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Cataract Topics


 

MarinEyes Cataract Specialists

John C Shin Christian K Kim John R Campbell
John C Shin,     MD Christian K Kim, MD John R Campbell, MD

IOL Power prediction

 

IOL MasterExpectations for most patients

With routine cataract surgery, you will likely need to wear glasses after the cataract extraction procedure for either distance or reading vision or both in order to get the best possible vision. On the other hand, carefully selected patients receiving monovision or new multifocal or accommodating type implants will generally be MUCH LESS DEPENDENT on glasses. You should discuss with your doctor any questions you have about how your vision will be with and without glasses after cataract surgery. You and your doctor will make a plan together to best fit your needs. Here are some general considerations: "Perfect" vision without glasses after cataract surgery is NOT to be expected. Nonetheless, there are ways to try to make a closer match between your visual lifestyle and your uncorrected vision.

If diminished dependency on glasses would be of interest to you

There are options to consider: For some patients Toric lenses or "multifiocal" lens technology lens may be appropriate. Another option is "Monovision." Watch the Movie on these topics.

 

Once the TYPE of implant is selected, the POWER needs to be selected

 

Tools we use for consistent results

"Perfect" results of your implant power calculation are NOT 100% predictable. Laser refractive surgery (LASIK, for example) is more precise in that regard, but the refractive laser is unable to remove cataracts. Nonetheless, there are some ways to try to get more consistently CLOSE to the exact power prediction for your lens implant. At MarinEyes, our technicians are thoroughly trained and very careful; our technicians have measured an estimated 10,000 eyes! The measuring devices we use include the IOL Master, a laser scanning device to measure the length and curvature of your eye. We also use a method called "Immersion A-Scan" on some of our patients. These methods are more accurate than the "Contact A-Scan." The measurements are run through special computer software to model the best-fit lens implant for your goals. We use one or more of several programs (Hoffer-Q, Holladay I, SRK-T, Haigis and Haigis-L, and the Holladay II software) for each surgery, and specialized online calculators for astigmatism correcting Toric IOLs. This is a dynamic area, and we work very hard to attain excellent results.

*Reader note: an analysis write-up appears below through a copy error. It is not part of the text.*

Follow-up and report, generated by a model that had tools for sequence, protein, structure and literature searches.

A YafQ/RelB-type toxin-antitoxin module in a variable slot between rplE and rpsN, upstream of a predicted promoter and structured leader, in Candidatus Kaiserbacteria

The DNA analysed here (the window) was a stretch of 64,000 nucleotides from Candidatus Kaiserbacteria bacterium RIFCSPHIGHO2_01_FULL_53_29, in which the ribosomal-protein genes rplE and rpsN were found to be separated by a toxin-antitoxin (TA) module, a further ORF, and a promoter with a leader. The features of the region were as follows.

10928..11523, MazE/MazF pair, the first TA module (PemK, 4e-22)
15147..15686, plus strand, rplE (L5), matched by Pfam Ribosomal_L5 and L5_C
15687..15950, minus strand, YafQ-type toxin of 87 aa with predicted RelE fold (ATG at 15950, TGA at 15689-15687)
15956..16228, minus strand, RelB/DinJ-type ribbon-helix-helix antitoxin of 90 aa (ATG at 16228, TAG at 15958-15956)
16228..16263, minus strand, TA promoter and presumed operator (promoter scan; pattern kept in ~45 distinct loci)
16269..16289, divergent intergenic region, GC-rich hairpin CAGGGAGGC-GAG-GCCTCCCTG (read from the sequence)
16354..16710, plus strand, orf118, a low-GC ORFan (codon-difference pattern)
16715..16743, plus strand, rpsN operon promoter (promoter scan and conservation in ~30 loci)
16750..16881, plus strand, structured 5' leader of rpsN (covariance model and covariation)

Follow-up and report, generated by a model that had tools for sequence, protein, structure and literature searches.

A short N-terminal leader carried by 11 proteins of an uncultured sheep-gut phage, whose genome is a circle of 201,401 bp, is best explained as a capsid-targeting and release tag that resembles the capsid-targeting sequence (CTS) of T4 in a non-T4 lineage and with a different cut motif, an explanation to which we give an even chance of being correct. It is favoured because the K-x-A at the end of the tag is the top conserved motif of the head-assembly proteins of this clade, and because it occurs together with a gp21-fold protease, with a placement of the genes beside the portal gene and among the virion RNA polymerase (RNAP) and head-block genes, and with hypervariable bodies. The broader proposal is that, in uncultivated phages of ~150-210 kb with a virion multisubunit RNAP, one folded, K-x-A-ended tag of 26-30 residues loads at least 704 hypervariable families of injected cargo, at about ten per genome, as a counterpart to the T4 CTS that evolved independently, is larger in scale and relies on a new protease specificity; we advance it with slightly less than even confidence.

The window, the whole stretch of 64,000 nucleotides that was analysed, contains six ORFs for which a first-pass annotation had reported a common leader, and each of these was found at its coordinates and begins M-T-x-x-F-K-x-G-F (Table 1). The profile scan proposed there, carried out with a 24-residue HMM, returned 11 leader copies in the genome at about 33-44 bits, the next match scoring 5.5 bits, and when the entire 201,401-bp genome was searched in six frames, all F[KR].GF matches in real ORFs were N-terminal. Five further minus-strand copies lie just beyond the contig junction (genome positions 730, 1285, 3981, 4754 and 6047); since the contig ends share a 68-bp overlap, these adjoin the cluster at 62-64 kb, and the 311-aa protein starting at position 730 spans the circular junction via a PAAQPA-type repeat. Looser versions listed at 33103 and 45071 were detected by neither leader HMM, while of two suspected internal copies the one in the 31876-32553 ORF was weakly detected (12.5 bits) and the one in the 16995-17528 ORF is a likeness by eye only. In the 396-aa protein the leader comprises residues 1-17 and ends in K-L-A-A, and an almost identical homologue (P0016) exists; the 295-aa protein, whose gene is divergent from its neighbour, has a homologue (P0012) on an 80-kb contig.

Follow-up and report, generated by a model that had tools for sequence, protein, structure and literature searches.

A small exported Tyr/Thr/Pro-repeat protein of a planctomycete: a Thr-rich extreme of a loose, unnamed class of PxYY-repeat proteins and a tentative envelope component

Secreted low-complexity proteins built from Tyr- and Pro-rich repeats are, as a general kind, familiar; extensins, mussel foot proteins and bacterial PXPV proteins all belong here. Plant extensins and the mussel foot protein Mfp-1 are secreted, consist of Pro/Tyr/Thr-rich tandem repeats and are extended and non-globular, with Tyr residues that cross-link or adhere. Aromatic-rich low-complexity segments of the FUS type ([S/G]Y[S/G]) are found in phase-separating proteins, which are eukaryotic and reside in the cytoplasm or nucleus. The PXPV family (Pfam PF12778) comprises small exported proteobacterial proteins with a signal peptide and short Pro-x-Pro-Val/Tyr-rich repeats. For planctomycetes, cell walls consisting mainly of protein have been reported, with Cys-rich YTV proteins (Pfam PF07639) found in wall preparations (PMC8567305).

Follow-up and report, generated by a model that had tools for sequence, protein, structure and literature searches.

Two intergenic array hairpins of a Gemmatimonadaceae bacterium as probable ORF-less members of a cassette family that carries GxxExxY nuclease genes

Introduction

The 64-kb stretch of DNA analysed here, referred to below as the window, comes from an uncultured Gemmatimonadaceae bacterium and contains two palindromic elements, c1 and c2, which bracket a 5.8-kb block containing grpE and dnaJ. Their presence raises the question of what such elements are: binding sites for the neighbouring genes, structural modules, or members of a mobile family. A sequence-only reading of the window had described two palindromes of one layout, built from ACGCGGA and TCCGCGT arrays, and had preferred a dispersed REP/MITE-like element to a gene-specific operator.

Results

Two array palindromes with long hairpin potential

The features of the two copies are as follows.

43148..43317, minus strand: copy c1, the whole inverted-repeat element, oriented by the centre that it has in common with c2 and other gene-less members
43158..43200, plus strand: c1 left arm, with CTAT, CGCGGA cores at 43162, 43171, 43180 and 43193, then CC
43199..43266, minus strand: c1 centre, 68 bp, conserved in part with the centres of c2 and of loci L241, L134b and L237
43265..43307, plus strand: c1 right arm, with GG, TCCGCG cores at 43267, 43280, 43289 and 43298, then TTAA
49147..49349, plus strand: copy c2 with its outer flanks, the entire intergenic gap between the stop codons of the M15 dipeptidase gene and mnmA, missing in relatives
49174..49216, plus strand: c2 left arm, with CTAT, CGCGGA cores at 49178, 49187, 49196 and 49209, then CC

Why IOL power prediction results may vary from expected

IOL Power prediction and selection is a demanding process. It starts with an understanding of the patient's desires, translated into a "refractive goal" and the selection of a primary lens implant. Backup lenses are also selected in case they are needed. The measurement process is also very exacting, and can be disturbed by such things as dry eye, corneal scars or prior refractive (LASIK od RK) surgery. Our measurement instruments are frequently calibrated. Finally, we must use mathematical formulas to convert the goal and the measurements into a lens power selection. These formulas make certain assumptions about all eyes, and about the particular eye depending on the measured dimensions. Furthermore, eyes that have had previous refractive surgery are extremely difficult to predict because there are additional variables introduced. There are some guidelines, as well as some art in selecting which formula to use for a given patient.

There will be a small error inherent in each of these steps, despite every effort to minimize variance. Fortunately, these small errors will usually cancel each other out, so our results cluster very closely about the goal. Occasionally, however, these errors will stack up in one direction, resulting in a "surprise," asituation in which the actual post-operative refractive error is significantly different from the desired goal for that patient. When this happens, the options for management may include: accept the result, and use glasses (or contact lens) to adjust; insert a compensatory "piggyback" IOL behind the iris, just in front of the original lens (an operating room procedure); use LASIK, PRK or Epi-LASIK to correct the problem; or, exchange the IOL in the operating room.

To be complete, packaging or clerical errors have occasionally been the cause of IOL power being incorrect. At MarinEyes we go to great lengths to prevent this kind of error.

In sumary, while it is possible for errors to lead to an IOL power result different from the goal, the cause more often lies in one of the issues presented on theis page.